New or used property qualifies. The property must be newly purchased new or used property. You can not elect to expense the cost of property you previously owned but recently converted to business use.

Tip

Used property (newly purchased by you) can qualify for the expensing election. This contrasts with the rule for bonus depreciation. Only new property can qualify for bonus depreciation. If you acquire used property, your option for deducting the cost in the first year is limited to the expensing election.

Property must be purchased. You must have purchased the property in order to expense the cost. This means that property you acquire by gift or inheritance does not qualify. In addition, you have to acquire the property from an unrelated party. You can not expense the cost of property you acquire from related persons such as your spouse, child, parent, or other ancestor or descendant, or another business with common ownership.

Property must be depreciable. You can not expense the cost of acquiring land for your business. Eligible types of property include property that is not a building or a structural component of a building, but is an integral part of manufacturing, production, or extraction, or of furnishing transportation, communications, electricity, gas, water, or sewage disposal services; or a research or storage facility used in connection with any of these processes.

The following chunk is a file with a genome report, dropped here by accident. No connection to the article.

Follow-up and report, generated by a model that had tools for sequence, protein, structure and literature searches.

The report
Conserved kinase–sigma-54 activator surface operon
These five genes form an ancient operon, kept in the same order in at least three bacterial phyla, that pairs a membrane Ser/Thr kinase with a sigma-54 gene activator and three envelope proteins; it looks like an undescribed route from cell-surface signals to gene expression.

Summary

It can also be a single-purpose livestock or horticultural structure, or a petroleum products storage facility that is not a building. Off-the-shelf computer software is eligible for the expensing election, too.

Through 2013, up to $250,000 of improvements to qualified leasehold property, qualified restaurant or qualified retail property can be expenses. However, there are certain rules regarding what qualifies and the carryover period. An air conditioning or heating unit doesn't qualify, however. Neither does intangible property such as a patent, contract right, stock or bond, etc. See "Expensing Possible for Certain Real Property" later in this article. (This option disappears after 2013.)

Business use required. The property must be used more than 50 percent for business. If you want to expense property that will be used partly for personal or family reasons (e.g., a home computer that you use for business about 75 percent of the time, and for personal use the other 25 percent of the time), you can expense only the portion of the property's tax basis that corresponds to its percentage of business use.

Early Disposition of Property Can Trigger Recapture